To determine what, if any, effects exposure to ultrasonic beams has on preimplantation embryos we isolated mouse blastocysts and assessed resorption rate, pregnancy rate, decidual swelling volume, and live birth rate after in vitro exposure with subsequent transfer to surrogate mothers. The blastocyst stage embryos were isolated by flushing the uteri of pregnant animals with a phosphate buffered medium. Blastocysts at a discrete stage of development were pooled and transferred to a PB1-methylcellulose medium. This medium is specifically designed to maintain the embryos in a high viscosity solution during the sonographic exposure to prevent microcavitation. After the exposure, the embryos were washed free of methylcellulose and transferred to the uteri of pseudopregnant surrogate mothers. A total of 660 blastocyst stage embryos were distributed among seven treatment groups. After exposure, the embryos were transferred to 54 surrogate mothers. A total of 199 embryos were implanted successfully for postimplantation evaluation. An additional 427 blastocysts were distributed among four treatment groups and transferred to 46 surrogate mothers to assess the effect of sonographic exposure on birth rate. The results indicate possible deleterious effects (decreased implantation rate, increased resorption rate, decreased decidual swelling volume, and increased stillbirth rate) of short ultrasonic exposures (1 min and 5 min) on mouse blastocyst function.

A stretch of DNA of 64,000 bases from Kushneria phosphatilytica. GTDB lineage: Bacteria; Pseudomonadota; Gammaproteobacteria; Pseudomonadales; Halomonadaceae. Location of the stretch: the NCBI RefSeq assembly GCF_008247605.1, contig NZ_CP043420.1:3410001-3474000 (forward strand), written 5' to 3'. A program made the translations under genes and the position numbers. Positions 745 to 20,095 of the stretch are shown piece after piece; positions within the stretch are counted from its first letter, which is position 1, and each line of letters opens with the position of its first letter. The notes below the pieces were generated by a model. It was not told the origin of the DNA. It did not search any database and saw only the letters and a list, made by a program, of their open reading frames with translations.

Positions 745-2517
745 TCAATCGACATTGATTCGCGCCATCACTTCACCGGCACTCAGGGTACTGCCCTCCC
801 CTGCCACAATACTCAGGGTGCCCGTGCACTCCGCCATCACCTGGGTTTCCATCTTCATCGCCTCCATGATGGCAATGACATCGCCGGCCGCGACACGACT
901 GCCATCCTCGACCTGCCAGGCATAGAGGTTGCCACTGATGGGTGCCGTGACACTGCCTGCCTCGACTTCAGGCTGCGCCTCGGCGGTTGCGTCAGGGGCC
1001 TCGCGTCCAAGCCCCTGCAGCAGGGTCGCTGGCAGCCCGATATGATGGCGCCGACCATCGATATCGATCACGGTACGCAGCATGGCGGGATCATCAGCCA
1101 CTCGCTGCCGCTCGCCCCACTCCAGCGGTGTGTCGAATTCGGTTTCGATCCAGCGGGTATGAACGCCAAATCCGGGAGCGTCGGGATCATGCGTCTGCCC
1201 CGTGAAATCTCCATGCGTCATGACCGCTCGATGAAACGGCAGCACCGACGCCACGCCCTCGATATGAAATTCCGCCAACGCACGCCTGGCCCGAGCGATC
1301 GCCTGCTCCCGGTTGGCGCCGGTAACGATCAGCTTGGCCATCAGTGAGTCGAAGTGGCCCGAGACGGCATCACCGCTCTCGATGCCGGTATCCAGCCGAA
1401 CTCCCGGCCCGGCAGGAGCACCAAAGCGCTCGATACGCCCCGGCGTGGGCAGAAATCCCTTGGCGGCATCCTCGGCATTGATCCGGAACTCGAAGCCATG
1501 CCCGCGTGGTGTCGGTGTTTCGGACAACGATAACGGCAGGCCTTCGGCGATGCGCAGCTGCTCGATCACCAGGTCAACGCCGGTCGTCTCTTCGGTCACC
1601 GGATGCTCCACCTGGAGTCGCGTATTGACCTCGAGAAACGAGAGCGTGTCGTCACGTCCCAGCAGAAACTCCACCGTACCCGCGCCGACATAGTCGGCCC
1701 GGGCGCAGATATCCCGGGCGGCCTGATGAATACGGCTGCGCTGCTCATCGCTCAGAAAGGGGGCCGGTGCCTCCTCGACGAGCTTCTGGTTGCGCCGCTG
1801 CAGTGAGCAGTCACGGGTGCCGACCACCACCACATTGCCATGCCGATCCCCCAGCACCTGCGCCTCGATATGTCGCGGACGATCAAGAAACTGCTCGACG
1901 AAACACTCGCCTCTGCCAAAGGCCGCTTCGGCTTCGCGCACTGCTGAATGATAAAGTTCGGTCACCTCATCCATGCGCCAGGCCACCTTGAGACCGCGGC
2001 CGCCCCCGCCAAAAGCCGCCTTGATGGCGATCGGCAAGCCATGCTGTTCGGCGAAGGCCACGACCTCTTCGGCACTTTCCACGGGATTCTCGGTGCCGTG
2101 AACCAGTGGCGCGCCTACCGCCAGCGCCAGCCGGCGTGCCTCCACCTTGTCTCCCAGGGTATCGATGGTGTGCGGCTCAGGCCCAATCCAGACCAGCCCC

ASJC Scopus subject areas
- Radiological and Ultrasound Technology
- Radiology Nuclear Medicine and imaging